D-Day review


d-day-film

Okay, so the plot is essentially about R&AW sending agents abroad to capture India’s most-wanted terrorist — a guy so obviously Dawood Ibrahim that they don’t have to call him that, just allude to it in the title. That’s preposterous to begin with but what’s heartening is that Advani, who also co-wrote the screenplay, actually tries to make it less so. Plots such as this, especially in mainstream Bollywood and in this blockbuster season of Hollywood, demand and are extended a significant amount of cinematic licence. Within that context, Advani, whether it’s in the actors he fills the corners of his scenes with or the way he goes about connecting the dots, appears to care.

The Indian prime minister, who attends calls from ‘Madam’ at crucial junctures, is an obvious caricature. However, not the R&AW Director Ashwini (played by Nasser) and the cultural attache in the Indian Embassy in Islamabad, both south Indians in an acknowledgement of their strength in this service, nor the Home Ministry bureaucrat bringing the weight of his post down upon them.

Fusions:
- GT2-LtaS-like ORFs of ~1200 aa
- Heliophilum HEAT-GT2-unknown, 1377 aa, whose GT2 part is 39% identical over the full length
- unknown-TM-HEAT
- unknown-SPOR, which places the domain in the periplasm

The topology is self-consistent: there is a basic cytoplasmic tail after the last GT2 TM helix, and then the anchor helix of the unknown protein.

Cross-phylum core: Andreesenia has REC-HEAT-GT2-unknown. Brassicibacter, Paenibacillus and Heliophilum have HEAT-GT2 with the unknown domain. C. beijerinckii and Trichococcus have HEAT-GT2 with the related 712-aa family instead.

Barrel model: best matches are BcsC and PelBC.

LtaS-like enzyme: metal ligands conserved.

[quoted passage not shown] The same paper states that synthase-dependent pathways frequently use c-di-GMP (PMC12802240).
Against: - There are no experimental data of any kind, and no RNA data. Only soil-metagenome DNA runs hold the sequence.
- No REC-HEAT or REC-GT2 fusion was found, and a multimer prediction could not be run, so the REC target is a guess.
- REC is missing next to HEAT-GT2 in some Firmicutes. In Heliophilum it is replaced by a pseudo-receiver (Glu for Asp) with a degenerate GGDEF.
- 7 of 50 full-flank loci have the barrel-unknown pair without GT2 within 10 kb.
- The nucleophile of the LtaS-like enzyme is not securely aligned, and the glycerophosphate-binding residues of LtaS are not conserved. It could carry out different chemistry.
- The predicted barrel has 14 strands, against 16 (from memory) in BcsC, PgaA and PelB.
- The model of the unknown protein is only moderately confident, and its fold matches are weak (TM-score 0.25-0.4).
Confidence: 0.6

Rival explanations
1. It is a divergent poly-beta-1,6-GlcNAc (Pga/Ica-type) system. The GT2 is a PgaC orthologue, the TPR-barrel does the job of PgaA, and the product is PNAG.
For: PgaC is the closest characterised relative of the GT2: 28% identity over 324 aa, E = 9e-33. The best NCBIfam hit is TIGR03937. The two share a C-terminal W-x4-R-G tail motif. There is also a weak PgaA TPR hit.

Irrfan not surprisingly lifts his role above the mundane, but as an Indian spy based in Karachi for the past 10 years, he has a background rich enough to include an unsuspecting wife (an arresting Shriswara) and son, whom he loves dearly. His dilemma and heartbreak as he leaves them are nicely woven into the main story…

Rishi Kapoor as the Dawood-like Iqbal Seth aka Goldman is uninhibited, as he has learnt to be in his second coming, and manages to get the right balance between being aware of both his powers and his mortality.

Parallels have been drawn with A Mighty Heart, even Zero Dark Thirty, but that’s only because all three films ..

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